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Internet access available at Everest

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When New Zealand mountaineer Sir Edmund Hillary crowned the top of Everest in 1953, messages from the Hunt expedition of which it was part (and made up of 400 people, including 362 porters, 20 Sherpa guides and 4536 kilos of material) were carried by marathon runners to the nearest telegraph office.

“The views are incredible. Greetings from Tenzing. ”The great climber could say today from his mobile phone. One of the most isolated points on the planet, and at the same time more crowded, will be a little less isolated from now on: the climbers who ascend to Everest and those who trek through the area will be able to make video calls and surfing the Internet. Nepal's telecommunications company, Ncell, has installed 8 repeaters with 3G technology on the route to the base camp, including one at 5200 meters of altitude (which, in theory at least, would cover even the highest summit in the world).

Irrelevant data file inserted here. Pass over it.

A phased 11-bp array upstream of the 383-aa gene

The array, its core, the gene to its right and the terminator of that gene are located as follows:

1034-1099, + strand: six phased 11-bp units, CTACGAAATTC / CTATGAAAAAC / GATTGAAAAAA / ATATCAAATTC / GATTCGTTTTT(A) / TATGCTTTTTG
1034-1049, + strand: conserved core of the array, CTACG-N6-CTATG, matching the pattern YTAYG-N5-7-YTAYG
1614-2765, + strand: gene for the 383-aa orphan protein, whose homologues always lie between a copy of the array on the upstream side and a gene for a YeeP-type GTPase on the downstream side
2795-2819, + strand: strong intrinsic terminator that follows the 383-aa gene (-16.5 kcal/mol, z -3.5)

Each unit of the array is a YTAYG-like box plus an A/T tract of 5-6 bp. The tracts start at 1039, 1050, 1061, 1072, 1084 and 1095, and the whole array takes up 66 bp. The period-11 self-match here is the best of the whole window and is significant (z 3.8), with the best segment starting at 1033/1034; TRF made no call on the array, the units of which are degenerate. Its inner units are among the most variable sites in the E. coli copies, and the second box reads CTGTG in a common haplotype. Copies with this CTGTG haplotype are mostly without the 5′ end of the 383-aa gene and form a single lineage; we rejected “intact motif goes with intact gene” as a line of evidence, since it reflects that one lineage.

According to the operator (80% owned by the Swedish giant TeliaSonera), the wireless network could help thousands of climbers and tourists who visit Mount Everest every year and who until now only had satellite phones and a mobile phone network , suitable only for voice communications. Apart from being in contact with their relatives and the organizers of their expeditions, climbers can receive weather information and of interest for your safety.

It is still paradoxical that this technology is available in a country where less than a third of the population You have access to telecommunications services. TeliaSonera has announced that it will invest more than 100 million dollars (72 million euros) next year to improve mobile coverage in the country.

Source | BBC

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